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EDITORIAL – End of using cash will produce casualties

Cash is becoming obsolete.
Cash is becoming obsolete.

Remember the joy of getting an allowance as a child, and how the jingling of a few coins made your pockets heavy with purchasing potential?

Coins and bills are destined to become more a memory and less a reality, thanks to a rapid shift to digital payments.

In fact, tap-and-pay cards and digital wallets are becoming so dominant that some businesses now reject cash. The fast-food chain Iq Food Co. has five locations in Toronto and Vancouver, none of which accept coins or bills.

It's the same at the two Mad Radish restaurants in Ottawa.

A recent Canadian Press story reported the rapid rise of tap-and-pay methods in Canada: 30.8 per cent of financial transactions in 2016, growing to 39.5 per cent in 2017 and expected to reach 50 per cent in 2018.

The story included a prediction that, by 2030, cash purchases will comprise only 10 per cent of all money spent in Canada.

As we move toward an economy where 90 per cent of financial transaction won't involve cash, the future of funds will unfurl with implications for our day-to-day lives.

Digital transactions are faster, a relief to anyone who has been stuck in a grocery line behind a customer exploring the deep recesses of a pocket or purse in search of the correct change.

Another advantage is that all digital transactions are recorded by our banks and card providers, a boon for our household record-keeping that can be appreciated when it's time to file income tax and give the government our annual account of where the money was spent.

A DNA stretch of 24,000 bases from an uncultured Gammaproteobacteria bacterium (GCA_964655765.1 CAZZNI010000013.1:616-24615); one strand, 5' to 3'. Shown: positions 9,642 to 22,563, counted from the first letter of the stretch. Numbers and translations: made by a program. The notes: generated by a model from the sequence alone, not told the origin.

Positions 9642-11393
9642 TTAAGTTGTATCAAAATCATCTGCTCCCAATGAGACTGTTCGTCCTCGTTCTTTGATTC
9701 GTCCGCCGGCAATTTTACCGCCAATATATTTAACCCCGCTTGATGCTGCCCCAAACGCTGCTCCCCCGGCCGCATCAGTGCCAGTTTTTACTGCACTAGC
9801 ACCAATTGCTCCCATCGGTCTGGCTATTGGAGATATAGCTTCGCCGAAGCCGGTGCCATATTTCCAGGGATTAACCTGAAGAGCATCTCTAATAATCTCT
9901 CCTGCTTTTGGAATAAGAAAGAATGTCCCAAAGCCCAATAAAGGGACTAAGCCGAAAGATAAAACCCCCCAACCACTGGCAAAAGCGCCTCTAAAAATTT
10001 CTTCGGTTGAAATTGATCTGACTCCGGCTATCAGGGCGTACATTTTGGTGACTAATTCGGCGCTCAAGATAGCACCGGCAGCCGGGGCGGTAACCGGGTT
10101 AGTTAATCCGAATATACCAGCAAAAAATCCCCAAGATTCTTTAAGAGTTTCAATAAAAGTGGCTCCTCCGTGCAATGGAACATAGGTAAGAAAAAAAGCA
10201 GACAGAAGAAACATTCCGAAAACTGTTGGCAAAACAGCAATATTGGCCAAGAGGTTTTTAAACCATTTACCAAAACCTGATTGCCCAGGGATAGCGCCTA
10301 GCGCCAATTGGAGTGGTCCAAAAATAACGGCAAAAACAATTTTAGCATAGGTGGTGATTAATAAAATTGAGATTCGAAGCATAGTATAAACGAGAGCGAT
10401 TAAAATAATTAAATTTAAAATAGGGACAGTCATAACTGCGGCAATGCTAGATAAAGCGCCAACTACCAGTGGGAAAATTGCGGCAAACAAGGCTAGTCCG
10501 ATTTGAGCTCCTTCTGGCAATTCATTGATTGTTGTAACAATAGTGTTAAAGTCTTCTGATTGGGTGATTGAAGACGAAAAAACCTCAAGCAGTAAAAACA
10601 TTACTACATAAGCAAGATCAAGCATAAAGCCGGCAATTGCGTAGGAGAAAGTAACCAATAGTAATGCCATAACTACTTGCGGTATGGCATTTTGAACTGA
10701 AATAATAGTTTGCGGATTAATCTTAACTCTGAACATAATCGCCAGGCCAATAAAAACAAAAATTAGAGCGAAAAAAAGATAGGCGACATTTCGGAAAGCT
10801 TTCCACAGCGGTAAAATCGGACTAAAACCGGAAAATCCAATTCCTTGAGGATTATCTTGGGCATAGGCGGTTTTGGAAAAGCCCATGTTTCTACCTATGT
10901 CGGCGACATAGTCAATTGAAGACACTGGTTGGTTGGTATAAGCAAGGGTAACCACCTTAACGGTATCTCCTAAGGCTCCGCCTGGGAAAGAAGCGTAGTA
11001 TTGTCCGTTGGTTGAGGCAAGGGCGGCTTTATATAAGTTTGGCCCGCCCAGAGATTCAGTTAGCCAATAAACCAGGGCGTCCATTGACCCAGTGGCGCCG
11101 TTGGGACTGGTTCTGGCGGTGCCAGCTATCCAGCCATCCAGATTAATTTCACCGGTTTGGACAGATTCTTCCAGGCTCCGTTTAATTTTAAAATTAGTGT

As another plus, the decline of hard currency will be a blow to the black market of service providers who dodge their fair share of taxes by working for cash, no receipts given. It will be more dangerous to wink and ask for under-the table payment when money consists of digitally transferred funds that can be traced by Canada Revenue Agency auditors.

There are also drawbacks.

It's easier for thieves to capture and misuse our financial-card information than it is for them to steal cash from our carefully guarded wallets.

Also, some institutions charge for use of debit and credit cards, skimming a percentage point or two from every transaction.

Some banks currently refuse services to people who don't have sufficient assets and a reliable income, so the push toward cashless will be worrisome for those who are denied the cards that are the passkeys to a digital economy.

Increased emphasis on tap-and-pay transactions also runs the risk of leaving behind the less tech-savvy – seniors, in particular – who can't adapt to the marketplace’s e-payment progression.

There are even some entertainers, including buskers, who pass the hat to collect cash. These aren't tips; coin-and-bill donations are the livelihood that allows their shows to go on. Street performers tend not to take Visa or Mastercard.

Most churches already offer alternatives to cash, allowing congregants to arrange direct-transfer donations on a weekly or monthly basis, but collection baskets are still passed during services, and cash in the basket remains an important part of keeping the church lights on and the clergy paid.

The move to a digital economy has implications that perhaps have not been fully considered. Yes, there are good reasons for moving away from cash, but try explaining them to the neighbourhood kid who set up a lemonade stand at the corner of your street.

 

THE CANADIAN PRESS/ An editorial from Winnipeg Free Press

 

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